Jeff Zelevansky/Getty Images
Sen. Hillary Clinton talks with a neighbor after casting her ballot in Chappaqua, N.Y., on Nov. 4.
Sen. Hillary Clinton talks with a neighbor after casting her ballot in Chappaqua, N.Y., on Nov. 4. Jeff Zelevansky/Getty Images
Some aides to President-elect Kennedy wanted Adlai Stevenson, a JFK rival, as secretary of state in 1960.
If Hillary Clinton leaves the Senate for the Cabinet, RFK Jr. — whose father also held the seat — is one of those mentioned as her replacement.
One undecided House race has now been settled: Don Young (R) wins re-election in Alaska.
Democrats decide Joseph Lieberman's fate on Tuesday.
We never bought into the "Hillary Clinton for VP" talk that was the topic du jour (actually, du mois) last summer as Democrats approached their nominating convention in Denver. The emotions between Clinton and Barack Obama were still too raw. There was the inevitable "what to do with Bill" question. And not everyone in the Obama camp was convinced that she would be a plus for the ticket.
But that was then. Since then, Hillary Clinton campaigned long and hard for Obama, far more enthusiastically than two other famous defeated presidential hopefuls who come to mind. Ted Kennedy (D) in 1980 and Ronald Reagan (R) in 1976 did not exactly exert themselves on behalf of their victorious rivals after they lost out at their respective nominating conventions.
Now comes the latest buzz: Hillary for secretary of state. It's an intriguing thought, more so than the running-mate speculation. And people are not necessarily dismissing it out of hand.
The first question is: Would she want it? If you buy the argument that Clinton only ran for the Senate back in 2000 as a steppingstone to the White House — and, mind you, she would be 69 years old after two Obama terms — maybe this is how she wants to complete her service. Alternatively, she could do what Kennedy did: After failing in his presidential bid, he became a Senate workhorse, a Senate lifer, putting aside personal ambition on behalf of pushing through his liberal agenda. But it took Kennedy, who was only 48 years old when he ran for president, many years to reach the iconic status he now holds. Clinton had hoped to be put in charge of a subcommittee to deal with health care issues in the new, 111th Congress, but that has been met with resistance and is not going to happen. And as for her moving into the post of Senate majority leader, as some of her supporters had hoped, current leader Harry Reid (D-NV) has shown no indication he is willing to cede the position.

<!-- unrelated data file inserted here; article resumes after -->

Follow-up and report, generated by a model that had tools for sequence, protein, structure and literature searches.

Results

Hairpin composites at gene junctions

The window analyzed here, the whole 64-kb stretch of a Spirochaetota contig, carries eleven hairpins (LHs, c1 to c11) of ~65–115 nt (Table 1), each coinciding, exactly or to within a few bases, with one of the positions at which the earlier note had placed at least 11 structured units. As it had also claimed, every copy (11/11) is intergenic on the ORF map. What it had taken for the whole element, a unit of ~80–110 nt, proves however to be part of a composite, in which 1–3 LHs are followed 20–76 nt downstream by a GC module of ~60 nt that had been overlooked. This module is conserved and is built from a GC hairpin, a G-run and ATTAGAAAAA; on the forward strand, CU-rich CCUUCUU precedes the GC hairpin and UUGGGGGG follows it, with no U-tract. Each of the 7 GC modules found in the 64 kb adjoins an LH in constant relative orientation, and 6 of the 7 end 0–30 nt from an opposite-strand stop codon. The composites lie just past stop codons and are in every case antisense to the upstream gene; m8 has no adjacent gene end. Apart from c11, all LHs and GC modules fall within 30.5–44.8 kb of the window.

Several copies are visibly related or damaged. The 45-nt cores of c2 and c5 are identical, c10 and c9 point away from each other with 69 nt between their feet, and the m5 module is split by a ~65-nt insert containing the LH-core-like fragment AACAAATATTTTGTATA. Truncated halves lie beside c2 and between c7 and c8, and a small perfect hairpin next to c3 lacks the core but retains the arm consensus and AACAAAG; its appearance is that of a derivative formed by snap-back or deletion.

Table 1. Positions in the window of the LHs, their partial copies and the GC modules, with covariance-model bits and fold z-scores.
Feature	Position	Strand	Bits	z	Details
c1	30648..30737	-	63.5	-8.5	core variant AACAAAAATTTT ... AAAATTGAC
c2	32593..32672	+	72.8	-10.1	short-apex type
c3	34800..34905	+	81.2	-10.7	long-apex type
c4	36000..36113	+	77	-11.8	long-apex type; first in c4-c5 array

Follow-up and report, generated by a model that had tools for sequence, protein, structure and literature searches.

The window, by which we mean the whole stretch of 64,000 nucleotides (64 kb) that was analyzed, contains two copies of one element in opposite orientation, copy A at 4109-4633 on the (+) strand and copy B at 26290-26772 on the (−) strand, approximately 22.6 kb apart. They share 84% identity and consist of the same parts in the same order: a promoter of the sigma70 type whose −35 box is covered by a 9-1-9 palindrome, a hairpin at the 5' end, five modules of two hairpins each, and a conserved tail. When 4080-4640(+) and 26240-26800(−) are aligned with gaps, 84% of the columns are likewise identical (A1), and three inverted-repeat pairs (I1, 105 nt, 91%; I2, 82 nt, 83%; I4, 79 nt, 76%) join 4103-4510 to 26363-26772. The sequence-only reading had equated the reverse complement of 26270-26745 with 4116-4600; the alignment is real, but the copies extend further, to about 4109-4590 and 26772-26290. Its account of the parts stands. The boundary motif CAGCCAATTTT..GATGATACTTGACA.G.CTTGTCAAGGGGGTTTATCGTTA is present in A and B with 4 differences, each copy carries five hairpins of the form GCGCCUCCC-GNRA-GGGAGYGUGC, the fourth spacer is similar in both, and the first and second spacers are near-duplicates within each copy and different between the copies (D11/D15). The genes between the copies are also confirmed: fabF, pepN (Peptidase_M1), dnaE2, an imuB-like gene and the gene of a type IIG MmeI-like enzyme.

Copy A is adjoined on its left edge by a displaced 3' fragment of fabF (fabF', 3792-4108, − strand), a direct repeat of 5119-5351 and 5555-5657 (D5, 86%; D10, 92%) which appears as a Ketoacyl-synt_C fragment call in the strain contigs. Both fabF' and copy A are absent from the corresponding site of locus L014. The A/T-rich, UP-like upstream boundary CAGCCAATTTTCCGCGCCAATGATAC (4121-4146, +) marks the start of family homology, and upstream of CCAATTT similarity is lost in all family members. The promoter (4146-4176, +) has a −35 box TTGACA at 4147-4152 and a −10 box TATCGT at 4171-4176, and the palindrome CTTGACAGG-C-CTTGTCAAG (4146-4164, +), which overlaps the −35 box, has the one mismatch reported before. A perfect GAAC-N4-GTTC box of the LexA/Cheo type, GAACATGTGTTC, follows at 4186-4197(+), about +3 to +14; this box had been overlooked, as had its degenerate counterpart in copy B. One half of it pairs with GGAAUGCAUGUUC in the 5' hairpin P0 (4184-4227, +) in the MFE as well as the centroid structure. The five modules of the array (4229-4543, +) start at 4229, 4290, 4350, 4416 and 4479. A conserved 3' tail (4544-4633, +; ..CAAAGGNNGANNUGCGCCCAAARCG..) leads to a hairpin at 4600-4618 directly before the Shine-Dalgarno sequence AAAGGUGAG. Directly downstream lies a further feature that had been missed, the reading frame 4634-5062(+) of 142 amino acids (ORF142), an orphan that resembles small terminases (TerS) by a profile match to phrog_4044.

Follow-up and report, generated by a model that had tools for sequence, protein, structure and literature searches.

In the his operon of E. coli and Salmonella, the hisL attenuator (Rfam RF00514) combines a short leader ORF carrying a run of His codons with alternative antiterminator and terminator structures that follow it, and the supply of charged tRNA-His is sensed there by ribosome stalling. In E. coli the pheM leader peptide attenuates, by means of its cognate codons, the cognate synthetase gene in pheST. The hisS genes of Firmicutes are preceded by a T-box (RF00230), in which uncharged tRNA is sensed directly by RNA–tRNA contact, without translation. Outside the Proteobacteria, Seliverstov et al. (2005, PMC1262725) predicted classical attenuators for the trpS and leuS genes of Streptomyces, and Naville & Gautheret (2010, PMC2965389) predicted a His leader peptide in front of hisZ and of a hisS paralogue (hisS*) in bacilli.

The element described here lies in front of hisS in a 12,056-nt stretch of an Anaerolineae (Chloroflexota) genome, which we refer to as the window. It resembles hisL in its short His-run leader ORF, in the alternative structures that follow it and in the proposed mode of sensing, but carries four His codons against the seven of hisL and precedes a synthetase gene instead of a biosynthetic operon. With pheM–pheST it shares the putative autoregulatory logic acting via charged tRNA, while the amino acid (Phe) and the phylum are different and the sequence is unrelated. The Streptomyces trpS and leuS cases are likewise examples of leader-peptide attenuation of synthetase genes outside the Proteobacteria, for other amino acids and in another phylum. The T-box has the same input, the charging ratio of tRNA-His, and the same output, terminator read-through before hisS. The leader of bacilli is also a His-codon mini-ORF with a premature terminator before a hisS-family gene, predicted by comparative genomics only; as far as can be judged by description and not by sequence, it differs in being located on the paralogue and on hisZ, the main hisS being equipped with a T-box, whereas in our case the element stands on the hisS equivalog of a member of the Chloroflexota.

The most surprising thing about all this is that it has become so public, especially given the fact that the vice presidential vetting process was done in such secrecy. Certainly there can be private discussions, even between these two very high-profile Democrats, without the entire world knowing. But the secret Clinton-Obama meeting last Thursday in Chicago became anything but secret. In addition, there apparently have been conversations with other hopefuls, such as New Mexico Gov. Bill Richardson (D), a former Bill Clinton Cabinet official for whom Hispanic groups are lobbying. Sen. John Kerry (MA), the 2004 Democratic presidential nominee, has been mentioned as well. Both Kerry and Richardson bring pluses and minuses to the table.
What if, after this whole episode has become public, Obama doesn't offer the post to Clinton? It could reopen an intraparty wound that seemed to be healing.